Gateway Theory Myth - Introduction and Rebuttal
Marijuana is not a "Gateway Drug"
Although marijuana may be the first illicit drug tried, it is not the gateway to drugs. The gateway to drugs is the distribution system which exists because of the current prohibition against drugs, which is otherwise known as the "War Against Drugs."
Just like the FDA is purposely ignoring research proving marijuana has medicinal benefits, so too are those propagandizing that marijuana is the gateway to drugs purposely ignoring research proving the distribution system is the gateway- not marijuana. The DEA, the Justice Department and all those anti-drug organizations have been lying for decades. The shame and pity of it is that they know their propaganda is a lie.
At the request of the FDA the Institute of Medicine issued a report in 1999 titled 'Marijuana and Medicine: Assessing the Science Base'. The IOM stated, "There is no conclusive evidence that the drug effects of marijuana are causally linked to the subsequent abuse of other illicit drugs".
The Institute of Medicine's 1999 report on marijuana explains that marijuana has been mistaken for a gateway drug in the past because:
"Patterns in progression of drug use from adolescence to adulthood are strikingly regular. Because it is the most widely used illicit drug marijuana is predictably the first illicit drug most people encounter. Not surprisingly, most users of other illicit drugs have used marijuana first. In fact, most drug users begin with alcohol and nicotine before marijuana - usually before they are of legal age."
A study in the Journal of the American Medical Association on cannabis and its possible role as a gateway drug found that, "While covariates differed between equations, early regular use of tobacco and alcohol emerged as the two factors most consistently associated with later illicit drug use and abuse/dependence."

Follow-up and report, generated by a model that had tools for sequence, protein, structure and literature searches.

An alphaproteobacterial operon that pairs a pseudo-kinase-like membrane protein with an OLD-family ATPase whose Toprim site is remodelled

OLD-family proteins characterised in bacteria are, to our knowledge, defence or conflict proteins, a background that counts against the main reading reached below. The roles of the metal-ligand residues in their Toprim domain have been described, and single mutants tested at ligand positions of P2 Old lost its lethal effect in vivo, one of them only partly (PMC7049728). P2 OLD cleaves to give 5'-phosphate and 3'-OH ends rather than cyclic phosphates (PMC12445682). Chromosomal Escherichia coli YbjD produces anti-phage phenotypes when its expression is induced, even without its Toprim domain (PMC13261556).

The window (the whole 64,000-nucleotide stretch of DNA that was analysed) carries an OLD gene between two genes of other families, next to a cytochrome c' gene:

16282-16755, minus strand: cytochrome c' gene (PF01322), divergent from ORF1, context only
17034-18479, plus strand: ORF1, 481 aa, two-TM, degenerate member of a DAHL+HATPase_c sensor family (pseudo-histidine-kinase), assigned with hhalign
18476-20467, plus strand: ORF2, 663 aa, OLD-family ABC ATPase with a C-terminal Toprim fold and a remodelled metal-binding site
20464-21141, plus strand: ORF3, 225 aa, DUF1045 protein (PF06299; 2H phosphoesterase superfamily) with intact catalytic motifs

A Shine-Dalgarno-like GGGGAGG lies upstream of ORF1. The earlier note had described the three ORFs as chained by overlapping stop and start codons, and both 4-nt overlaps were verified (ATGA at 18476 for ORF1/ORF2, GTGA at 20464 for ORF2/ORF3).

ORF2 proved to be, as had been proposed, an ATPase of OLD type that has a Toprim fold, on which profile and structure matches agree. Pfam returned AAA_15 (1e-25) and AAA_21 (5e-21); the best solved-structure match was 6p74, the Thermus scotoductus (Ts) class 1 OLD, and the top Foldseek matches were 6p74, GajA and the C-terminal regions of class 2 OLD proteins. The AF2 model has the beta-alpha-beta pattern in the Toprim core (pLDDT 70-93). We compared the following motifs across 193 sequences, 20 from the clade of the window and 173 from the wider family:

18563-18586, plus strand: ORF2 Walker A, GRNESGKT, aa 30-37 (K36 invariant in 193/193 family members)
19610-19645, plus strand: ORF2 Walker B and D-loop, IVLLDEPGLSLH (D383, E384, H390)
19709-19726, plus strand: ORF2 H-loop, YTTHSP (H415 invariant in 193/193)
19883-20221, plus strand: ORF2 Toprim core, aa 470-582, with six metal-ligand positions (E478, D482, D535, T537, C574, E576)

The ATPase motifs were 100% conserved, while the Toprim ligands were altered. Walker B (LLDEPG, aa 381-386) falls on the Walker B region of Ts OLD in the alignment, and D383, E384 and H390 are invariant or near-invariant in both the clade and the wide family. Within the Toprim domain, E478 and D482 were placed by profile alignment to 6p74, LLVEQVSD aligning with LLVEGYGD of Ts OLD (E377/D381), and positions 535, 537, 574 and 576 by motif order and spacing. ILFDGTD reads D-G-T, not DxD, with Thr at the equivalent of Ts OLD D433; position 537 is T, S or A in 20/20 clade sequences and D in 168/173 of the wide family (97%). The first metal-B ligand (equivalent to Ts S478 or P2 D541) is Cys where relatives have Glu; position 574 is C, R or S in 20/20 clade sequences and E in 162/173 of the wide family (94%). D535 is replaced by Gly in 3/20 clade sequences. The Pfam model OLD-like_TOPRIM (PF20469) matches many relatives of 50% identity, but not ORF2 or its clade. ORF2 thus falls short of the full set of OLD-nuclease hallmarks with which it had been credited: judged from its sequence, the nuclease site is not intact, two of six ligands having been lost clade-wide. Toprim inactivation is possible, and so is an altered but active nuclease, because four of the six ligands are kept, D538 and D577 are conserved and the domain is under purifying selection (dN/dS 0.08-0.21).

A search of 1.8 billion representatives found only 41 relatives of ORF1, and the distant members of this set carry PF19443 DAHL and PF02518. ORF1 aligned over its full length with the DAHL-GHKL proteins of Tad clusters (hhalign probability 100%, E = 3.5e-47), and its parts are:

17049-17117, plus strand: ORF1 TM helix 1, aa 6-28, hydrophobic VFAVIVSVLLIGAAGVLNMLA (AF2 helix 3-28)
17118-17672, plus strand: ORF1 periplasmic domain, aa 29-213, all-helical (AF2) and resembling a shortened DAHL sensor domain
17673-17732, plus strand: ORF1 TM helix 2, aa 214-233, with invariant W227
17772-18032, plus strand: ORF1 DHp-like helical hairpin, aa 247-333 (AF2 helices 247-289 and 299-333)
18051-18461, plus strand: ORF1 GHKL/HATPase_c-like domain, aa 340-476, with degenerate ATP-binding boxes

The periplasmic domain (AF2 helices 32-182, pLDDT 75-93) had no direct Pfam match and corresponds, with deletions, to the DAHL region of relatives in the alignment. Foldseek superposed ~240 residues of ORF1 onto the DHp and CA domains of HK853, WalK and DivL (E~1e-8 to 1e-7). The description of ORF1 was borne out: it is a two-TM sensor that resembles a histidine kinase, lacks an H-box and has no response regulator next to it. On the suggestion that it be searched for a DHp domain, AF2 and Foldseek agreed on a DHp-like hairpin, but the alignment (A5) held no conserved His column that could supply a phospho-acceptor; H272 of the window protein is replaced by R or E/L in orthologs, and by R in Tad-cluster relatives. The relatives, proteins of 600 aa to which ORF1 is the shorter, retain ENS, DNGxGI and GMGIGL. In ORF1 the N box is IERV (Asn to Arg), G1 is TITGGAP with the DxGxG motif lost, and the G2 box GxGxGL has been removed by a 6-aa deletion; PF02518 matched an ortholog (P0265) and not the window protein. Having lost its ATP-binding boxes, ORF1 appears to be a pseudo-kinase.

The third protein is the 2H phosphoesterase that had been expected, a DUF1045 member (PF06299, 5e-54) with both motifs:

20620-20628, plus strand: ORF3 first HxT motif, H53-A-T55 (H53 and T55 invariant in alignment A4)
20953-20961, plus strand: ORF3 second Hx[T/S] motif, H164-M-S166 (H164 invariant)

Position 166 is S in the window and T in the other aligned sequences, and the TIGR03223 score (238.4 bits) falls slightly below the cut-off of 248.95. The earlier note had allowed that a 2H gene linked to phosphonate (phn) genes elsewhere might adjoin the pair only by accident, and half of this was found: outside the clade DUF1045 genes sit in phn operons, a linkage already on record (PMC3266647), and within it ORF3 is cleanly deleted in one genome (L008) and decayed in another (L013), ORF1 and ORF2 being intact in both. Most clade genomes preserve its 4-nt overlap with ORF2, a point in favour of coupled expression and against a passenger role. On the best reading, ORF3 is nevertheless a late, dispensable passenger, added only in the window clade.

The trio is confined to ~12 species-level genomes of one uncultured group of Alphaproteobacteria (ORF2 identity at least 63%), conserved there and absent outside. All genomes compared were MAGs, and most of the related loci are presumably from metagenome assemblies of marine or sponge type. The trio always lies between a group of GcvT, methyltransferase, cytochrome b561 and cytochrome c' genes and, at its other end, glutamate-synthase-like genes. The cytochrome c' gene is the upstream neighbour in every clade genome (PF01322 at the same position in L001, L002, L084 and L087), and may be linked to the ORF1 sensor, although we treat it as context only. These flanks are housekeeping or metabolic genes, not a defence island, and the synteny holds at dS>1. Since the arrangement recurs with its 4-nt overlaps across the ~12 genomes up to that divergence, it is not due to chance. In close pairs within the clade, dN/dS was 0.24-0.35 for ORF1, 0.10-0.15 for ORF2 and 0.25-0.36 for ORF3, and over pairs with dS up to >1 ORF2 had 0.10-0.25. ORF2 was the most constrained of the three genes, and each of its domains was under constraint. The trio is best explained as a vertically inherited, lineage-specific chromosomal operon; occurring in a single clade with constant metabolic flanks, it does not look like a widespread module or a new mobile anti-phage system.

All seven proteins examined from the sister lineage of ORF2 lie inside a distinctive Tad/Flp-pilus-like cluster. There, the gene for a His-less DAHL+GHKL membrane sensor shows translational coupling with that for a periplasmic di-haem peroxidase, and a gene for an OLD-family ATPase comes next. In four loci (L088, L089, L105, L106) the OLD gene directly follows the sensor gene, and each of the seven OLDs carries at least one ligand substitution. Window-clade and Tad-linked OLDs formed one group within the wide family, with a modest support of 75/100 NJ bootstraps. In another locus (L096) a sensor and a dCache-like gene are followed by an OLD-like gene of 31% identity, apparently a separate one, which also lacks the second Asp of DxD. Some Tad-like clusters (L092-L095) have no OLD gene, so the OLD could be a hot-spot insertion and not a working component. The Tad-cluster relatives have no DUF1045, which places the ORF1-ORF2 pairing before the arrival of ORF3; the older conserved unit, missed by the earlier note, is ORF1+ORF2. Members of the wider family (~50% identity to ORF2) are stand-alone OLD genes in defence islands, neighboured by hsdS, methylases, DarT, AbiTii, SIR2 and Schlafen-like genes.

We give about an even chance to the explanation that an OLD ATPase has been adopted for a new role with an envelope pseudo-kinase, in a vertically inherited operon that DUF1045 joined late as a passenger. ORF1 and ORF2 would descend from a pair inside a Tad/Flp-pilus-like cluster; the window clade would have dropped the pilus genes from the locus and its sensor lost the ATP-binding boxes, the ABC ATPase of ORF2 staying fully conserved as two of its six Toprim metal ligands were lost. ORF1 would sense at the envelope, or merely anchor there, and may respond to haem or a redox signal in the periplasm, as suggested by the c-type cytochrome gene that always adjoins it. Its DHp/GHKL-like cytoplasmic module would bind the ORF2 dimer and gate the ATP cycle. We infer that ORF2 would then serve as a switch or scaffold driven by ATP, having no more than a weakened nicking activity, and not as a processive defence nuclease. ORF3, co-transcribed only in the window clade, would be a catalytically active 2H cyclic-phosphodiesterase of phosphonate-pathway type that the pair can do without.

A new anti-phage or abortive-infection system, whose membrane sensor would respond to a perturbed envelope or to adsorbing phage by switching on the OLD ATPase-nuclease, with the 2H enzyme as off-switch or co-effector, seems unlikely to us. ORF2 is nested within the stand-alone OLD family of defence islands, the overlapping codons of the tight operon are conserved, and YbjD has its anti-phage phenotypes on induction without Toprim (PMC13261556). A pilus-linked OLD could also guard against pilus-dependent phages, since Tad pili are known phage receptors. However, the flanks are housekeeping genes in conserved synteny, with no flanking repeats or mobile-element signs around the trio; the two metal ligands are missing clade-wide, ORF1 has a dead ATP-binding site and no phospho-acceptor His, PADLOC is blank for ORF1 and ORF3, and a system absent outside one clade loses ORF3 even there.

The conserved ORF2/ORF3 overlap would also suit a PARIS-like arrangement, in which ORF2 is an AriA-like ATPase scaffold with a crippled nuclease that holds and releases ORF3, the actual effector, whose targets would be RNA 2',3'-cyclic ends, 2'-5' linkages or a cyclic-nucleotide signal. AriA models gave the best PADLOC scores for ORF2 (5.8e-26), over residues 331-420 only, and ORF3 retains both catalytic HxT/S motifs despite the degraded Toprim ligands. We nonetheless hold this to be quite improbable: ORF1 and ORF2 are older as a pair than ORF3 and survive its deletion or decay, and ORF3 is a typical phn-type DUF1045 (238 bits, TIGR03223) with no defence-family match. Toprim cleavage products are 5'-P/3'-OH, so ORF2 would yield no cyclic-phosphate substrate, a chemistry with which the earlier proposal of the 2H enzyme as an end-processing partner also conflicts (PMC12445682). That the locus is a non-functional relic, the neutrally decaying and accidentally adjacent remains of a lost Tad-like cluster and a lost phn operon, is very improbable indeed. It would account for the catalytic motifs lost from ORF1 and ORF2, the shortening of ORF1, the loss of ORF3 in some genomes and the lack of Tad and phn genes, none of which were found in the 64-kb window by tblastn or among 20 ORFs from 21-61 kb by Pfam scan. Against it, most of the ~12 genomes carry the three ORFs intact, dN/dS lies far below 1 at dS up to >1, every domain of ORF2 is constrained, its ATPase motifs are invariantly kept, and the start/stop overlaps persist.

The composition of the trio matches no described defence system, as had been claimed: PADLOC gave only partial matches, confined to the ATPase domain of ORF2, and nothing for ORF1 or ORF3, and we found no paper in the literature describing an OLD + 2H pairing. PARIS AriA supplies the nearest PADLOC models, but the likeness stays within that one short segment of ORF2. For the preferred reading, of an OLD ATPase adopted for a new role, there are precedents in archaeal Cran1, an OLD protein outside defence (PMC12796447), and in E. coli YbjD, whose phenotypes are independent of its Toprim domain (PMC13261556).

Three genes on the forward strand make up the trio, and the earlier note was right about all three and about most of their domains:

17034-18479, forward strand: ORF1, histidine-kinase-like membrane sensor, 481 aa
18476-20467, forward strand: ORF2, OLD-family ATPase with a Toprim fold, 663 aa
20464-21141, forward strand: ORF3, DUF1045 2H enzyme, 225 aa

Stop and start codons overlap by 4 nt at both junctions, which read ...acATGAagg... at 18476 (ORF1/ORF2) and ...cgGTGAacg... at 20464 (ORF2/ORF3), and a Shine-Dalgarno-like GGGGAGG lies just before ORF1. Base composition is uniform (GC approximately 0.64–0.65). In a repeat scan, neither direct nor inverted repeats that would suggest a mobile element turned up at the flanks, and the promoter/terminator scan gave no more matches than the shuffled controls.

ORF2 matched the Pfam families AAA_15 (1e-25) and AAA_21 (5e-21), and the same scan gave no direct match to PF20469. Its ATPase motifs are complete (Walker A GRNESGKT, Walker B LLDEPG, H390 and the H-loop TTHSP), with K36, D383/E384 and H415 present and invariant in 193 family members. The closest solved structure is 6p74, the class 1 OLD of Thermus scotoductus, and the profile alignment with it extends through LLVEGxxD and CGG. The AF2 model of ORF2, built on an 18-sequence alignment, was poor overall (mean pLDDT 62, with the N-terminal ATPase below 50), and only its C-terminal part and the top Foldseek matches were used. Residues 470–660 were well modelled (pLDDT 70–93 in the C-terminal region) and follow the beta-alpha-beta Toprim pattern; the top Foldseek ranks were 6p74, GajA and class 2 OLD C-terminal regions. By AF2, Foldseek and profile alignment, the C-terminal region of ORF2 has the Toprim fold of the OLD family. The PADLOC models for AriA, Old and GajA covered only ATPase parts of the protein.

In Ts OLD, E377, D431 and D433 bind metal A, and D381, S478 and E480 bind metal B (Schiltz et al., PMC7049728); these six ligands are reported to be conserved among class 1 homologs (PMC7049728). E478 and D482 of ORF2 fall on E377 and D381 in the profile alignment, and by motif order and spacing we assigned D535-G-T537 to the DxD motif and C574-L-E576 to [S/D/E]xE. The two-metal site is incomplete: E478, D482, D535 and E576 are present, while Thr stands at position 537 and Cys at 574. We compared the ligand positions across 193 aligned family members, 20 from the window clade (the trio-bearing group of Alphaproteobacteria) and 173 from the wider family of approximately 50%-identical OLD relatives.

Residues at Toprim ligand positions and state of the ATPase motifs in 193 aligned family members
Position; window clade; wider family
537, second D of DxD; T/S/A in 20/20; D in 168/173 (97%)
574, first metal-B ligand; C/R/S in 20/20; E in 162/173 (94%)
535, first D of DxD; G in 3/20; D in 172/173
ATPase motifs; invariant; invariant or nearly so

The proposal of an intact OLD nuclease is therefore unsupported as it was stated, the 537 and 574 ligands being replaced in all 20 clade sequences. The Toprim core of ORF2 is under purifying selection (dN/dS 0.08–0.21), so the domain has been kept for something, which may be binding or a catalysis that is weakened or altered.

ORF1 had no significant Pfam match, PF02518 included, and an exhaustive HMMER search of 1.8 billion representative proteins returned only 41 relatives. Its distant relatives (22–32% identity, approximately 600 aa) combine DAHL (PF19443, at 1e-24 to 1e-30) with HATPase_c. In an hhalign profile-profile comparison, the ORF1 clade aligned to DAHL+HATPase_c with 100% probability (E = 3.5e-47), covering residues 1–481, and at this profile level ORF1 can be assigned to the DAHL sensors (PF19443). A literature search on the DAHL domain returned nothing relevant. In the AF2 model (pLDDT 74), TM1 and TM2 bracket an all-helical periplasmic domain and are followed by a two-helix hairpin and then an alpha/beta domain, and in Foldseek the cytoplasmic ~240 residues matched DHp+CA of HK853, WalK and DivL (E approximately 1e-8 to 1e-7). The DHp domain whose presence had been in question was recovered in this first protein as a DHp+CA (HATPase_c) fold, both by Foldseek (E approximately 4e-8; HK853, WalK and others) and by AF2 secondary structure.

This AMA report further states:
"Alternatively, experience with and subsequent access to cannabis use may provide individuals with access to other drugs as they come into contact with drug dealers. This argument provided a strong impetus for the Netherlands to effectively decriminalize cannabis use in an attempt to separate cannabis from the hard drug market. This strategy may have been partially successful as rates of cocaine use among those who have used cannabis are lower in the Netherlands than in the United States."
The AMA report published in Vol. 289 No. 4, January 22/29,2003 is titled 'Escalation of Drug Use in Early-Onset Cannabis Users vs Co-twin Controls.'
The World Health Organization has even joined in with its 1998 'WHO Project on Health Implications of Cannabis Use'. This report noted the effects of Prohibition when it stated that "exposure to other drugs when purchasing cannabis on the black market, increases the opportunity to use other illicit drugs."
There is absolutely no doubt the gateway is not marijuana. It is the distribution system. Two decades of false government propaganda has some people mistakenly still believing marijuana is the gateway to drugs. The gateway to drugs is Prohibition. And so long a party drugs remain a black market item it will remain easier to get hard core drugs than if said drugs where decriminalized and distributed through a system with government oversight. Decriminalizing marijuana will lead to less hard core drug use not because it is a gateway but because it will facilitate that in the same legislation be set up a means of getting marijuana removed from the black market.